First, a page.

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Yet how bring order out of such a chaos? How deal justly, writing within twenty-four hours of the closing of the fight, with all the gallant regiments, of the hundred present, that bravely won or as bravely lost, and with all that ignobly fled in panic from the field? How describe, so that one man may leisurely follow, the simultaneous operations of a hundred and fifty thousand antagonists, fighting backward and forward for two long days, in a five miles' line and over four miles' retreat and advance, under eight division commanders on one side, and an unknown number on the other? How, in short, picture on a canvas so necessarily small a panorama so grandly great? The task is impossible.

But what one man, diligently using all his powers of observation through those two days, might see, I saw, and that I can faithfully set down. For the rest, after riding carefully over and over the ground, asking questions innumerable of those who knew, and sifting consistent truth from the multiplicity of replies with whatever skill some experience may have taught, I can only give the concurrent testimony of the actors.

the situation before the battle.

Our great Tennessee Expedition had been up the river some four weeks. We had occupied Pittsburgh Landing for about three; had destroyed one railroad connection, which the rebels had restored in a day or two, and had failed in a similar but more important attempt on another. Beyond this we had engaged in no active operations. The rebels, alarmed by our sudden appearance, began massing their troops under our eyes. Presently they had more in the vicinity than we had. Then we waited for Buell, who was crossing the country from Nashville by easy marches. The rebels had apparently become restive under our slow concentrations, and General Grant had given out that an attack from them seemed probable. Yet we had lain at Pittsburgh Landing, within twenty miles of the rebels, that were likely to attack us in superior numbers, without throwing up a single breastwork or preparing a single protection for a battery, and with the brigades of one division stretched from extreme right to extreme left of our line, while four other divisions had been crowded in between, as they arrived.

On the evening of Friday, April fourth, there was a preliminary skirmish with the enemy's advance. Rumors came into camp that some of our officers had been taken prisoners by a considerable rebel force, near our lines, and that pickets had been firing. A brigade, the Seventieth, Seventy-second, and Forty--eighth Ohio, was sent out to see about it. They came upon a party of rebels, perhaps a thousand strong, and after a sharp little action drove them off, losing Major Crocket, of the Seventy-second Ohio, and a couple of lieutenants from the Seventieth, prisoners, taking in return some sixteen, and driving the rebels back to a battery they were found to have already in position, at no great distance from our lines. Gen. Lew. Wallace's troops at Crump's Landing, were ordered out under arms, and they marched to Adamsville, half-way between the river and Purdy, to take position there and resist any attack in that direction. The night passed in dreary rain, but without further rebel demonstration; and it was generally supposed that the affair had been an ordinary picket-fight, presaging nothing more. Major-Gen Grant had indeed said there was great probability of a rebel attack, but there were no appearances of his making any preparation for such an unlooked for event, and so the matter was dismissed. Yet on Saturday there was more skirmishing along our advanced lines.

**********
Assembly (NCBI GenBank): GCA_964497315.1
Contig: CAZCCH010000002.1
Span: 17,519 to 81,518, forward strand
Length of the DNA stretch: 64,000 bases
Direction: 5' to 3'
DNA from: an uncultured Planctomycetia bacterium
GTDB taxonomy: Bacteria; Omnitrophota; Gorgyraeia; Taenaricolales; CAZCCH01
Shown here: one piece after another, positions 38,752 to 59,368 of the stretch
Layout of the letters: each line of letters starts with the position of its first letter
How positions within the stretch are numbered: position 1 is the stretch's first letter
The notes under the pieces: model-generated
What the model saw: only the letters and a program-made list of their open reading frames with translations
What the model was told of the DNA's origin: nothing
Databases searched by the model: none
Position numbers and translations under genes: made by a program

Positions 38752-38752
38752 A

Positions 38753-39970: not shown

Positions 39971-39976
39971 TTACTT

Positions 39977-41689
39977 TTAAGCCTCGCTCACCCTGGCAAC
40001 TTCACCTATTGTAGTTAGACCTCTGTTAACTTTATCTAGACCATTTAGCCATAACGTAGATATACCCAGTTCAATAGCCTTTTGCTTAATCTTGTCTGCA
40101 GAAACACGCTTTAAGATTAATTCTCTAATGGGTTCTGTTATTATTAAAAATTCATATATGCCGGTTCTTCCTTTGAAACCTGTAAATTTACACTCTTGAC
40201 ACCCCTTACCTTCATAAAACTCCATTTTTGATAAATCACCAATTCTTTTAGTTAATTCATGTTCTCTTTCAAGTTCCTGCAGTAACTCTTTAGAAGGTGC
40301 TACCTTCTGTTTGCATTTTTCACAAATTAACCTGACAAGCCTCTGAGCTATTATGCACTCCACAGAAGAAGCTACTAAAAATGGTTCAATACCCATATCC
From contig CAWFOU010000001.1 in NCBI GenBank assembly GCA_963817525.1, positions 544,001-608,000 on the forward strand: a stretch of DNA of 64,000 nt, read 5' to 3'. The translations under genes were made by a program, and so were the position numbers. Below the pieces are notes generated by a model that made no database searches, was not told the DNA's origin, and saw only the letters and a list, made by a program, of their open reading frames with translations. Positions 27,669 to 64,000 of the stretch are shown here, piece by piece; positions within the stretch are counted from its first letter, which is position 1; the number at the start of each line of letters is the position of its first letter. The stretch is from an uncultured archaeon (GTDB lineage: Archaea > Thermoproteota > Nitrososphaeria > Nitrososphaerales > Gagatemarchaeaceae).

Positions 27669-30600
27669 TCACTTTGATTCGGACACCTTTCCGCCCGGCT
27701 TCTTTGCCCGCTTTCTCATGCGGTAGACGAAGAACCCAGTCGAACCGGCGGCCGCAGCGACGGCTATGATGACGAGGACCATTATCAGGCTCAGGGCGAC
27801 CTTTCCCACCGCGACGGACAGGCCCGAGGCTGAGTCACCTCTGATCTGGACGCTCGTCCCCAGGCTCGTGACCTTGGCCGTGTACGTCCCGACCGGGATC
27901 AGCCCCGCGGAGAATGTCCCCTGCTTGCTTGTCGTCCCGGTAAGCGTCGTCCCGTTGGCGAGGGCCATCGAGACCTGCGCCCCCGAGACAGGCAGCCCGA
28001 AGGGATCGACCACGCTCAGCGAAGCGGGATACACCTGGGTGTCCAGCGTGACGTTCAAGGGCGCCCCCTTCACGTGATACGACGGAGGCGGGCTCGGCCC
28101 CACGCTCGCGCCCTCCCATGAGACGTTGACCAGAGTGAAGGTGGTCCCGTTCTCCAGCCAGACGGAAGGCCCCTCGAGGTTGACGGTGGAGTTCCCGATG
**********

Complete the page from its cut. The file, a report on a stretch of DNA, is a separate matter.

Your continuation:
the rebel designs.

There can be no doubt the plan of the rebel leaders was to attack and demolish Grant's army before Buell's reinforcements arrived. There were rumors, indeed, that such a movement had been expressly ordered from headquarters at Richmond, as being absolutely necessary, as a last bold stroke, to save the failing fortunes of the Confederacy in the West; though of that, no one, I presume, knows anything.

But the rebel leaders at Corinth were fully aware that they largely outnumbered Grant, and that no measures had been taken to strengthen the position at Pittsburgh Landing; while they knew equally well that when Buell's entire Kentucky army arrived, and was added to Grant's forces, they could not possibly expect to hold their vitally important position at Corinth against us. Their only hope, therefore, lay in attacking Grant before Buell arrived, and so defeating us in detail. Fortunately they timed their movements a day too late.

the warning of danger.

The sun never rose on a more beautiful morning than that of Sunday, April sixth. Lulled by the general security, I had remained in pleasant quarters at Crump's, below Pittsburgh Landing, on the river. By sunrise I was roused by the cry: “They're fighting above.” Volleys of musketry could sure enough be distinguished, and occasionally the sullen boom of artillery came echoing down the stream. Momentarily the volume of sound increased, till it became evident it was no skirmish that was in progress, and that a considerable portion of the army must be already engaged. Hastily springing on the guards of a passing steamboat, I hurried up.

Thee sweet spring sunshine danced over the rippling waters, and softly lit up the green of the banks. A few fleecy clouds alone broke the azure above. A light breeze murmured among the young leaves; the blue-birds were singing their gentle treble to the stern music that still came louder and deeper to us from the bluffs above, and the frogs were croaking their feeble imitation from the marshy islands that studded the channel.

Even thus early the west bank of the river was lined with the usual fugitives from action hurriedly pushing onwards, they knew not where, except down stream and away from the fight.

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